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Don't be fooled by the naysayers.
From the makers of "Coraline" (which I absolutely hated) comes "ParaNorman".
This odd offering is the latest step forward in the art of stop-motion animation. The sets and characters have been carefully crafted as well as the nifty little story (something akin this happened in my own family line, see "The Crucible" by Arthur Miller), which I will admit should have received an PG rating.
The film actually teaches a very important moral which (judging from some of the outlandish, judgmental criticisms) will most likely go right over the heads of the very people who most need to take the lesson to heart.
I Am Number Four (2011)
Disney messed up another one!
I recently finished the book "I Am Number Four", I just now finished watching the film. I have not been so disappointed in a movie since "Timeline" (2003). http://www.imdb.com/title/tt0300556/combined
Why do film makers change scenarios that the original authors work so hard to construct - are their egos really that fragile? If the film writers are just going to re-write why even claim association with a book? The actors, stunt people, cinematographers and special effects did a fine job, it is the re-writing of story that really stinks! Why do these people try to Disneyfy everything they touch? They would repaint La Gioconda, re-cut Michelangelo's Moses, rebuild the Taj Mahal. Let us hope if someone ever films "The Power of Six" that they FOLLOW THE BOOK !!!
The Boy Friend (1971)
A waste of talent
I know that I am quite late adding my comments here, but, for those who are truly interested: I was performing this musical on stage at a time when the film project was announced, and I saw the film as soon as it was released. I was completely shocked that Ken Russell had the nerve to use the title as he has hacked the plot into unrecognizable pieces.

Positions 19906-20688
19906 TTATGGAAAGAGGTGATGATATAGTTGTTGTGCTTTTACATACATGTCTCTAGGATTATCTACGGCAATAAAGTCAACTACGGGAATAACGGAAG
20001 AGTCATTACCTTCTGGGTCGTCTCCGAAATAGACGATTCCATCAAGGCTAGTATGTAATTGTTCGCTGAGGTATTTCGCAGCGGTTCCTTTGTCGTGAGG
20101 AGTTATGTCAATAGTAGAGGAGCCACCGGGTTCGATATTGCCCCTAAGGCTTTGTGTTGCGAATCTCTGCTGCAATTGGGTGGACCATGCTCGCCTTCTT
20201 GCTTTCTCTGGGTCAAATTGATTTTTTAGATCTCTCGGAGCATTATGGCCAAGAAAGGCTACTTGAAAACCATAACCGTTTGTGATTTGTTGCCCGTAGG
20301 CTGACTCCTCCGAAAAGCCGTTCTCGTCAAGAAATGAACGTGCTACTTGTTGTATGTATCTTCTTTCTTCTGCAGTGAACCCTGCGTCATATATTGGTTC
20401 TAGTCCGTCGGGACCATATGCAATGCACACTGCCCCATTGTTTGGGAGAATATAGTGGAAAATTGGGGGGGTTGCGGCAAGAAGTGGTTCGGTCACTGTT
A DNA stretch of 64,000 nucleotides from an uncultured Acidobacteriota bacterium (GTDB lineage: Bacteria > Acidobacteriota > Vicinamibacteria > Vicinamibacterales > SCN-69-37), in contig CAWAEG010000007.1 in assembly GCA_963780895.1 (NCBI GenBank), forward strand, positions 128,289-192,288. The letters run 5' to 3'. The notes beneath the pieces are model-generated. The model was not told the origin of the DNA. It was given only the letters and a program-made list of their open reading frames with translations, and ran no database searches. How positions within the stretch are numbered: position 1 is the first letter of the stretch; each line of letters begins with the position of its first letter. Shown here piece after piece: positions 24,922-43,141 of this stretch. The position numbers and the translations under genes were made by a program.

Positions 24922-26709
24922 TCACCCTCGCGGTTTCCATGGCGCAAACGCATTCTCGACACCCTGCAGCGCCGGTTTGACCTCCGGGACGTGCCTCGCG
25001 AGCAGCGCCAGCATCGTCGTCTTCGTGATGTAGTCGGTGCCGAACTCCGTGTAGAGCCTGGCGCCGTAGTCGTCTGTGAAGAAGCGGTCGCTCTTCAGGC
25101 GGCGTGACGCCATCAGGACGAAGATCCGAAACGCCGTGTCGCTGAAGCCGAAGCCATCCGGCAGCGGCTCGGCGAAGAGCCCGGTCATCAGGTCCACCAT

I will never understand people (like Mr. Russell) who think that they have the talent to rewrite a piece that has been so loved by millions of theater buffs. If you truly want to see the musical "The Boy Friend", then steer clear of this film!!! That being said, I will add that the failure of this project is not the fault of the cast, they perform brilliantly with what they were given. If Hollywood had bothered to film Sandy Wilson's musical that would have been truly memorable; this was just a waste of talent.
Treasure Island (1972)
So far as I've seen, this is the most commendable of all interpretations of Robert Lewis Stevenson's stirring book; yet, still a great disappointment.
Most of the cast did well enough in their rolls, with the exception of, believe it or not, Orson Welles. Mr. Welles so severely under played the part of Long John Silver he made the character completely uninteresting; that and his unintelligible mumbling fatally scuttles what should have been a great and memorable film.
The music of Natale Massara, another problem, while expertly orchestrated, is derivative of other works and does nothing to convey the feeling of a thrilling tale of the sea. It would have been better suited to an episode of "Little House On The Prairie" with it's ocean of grass.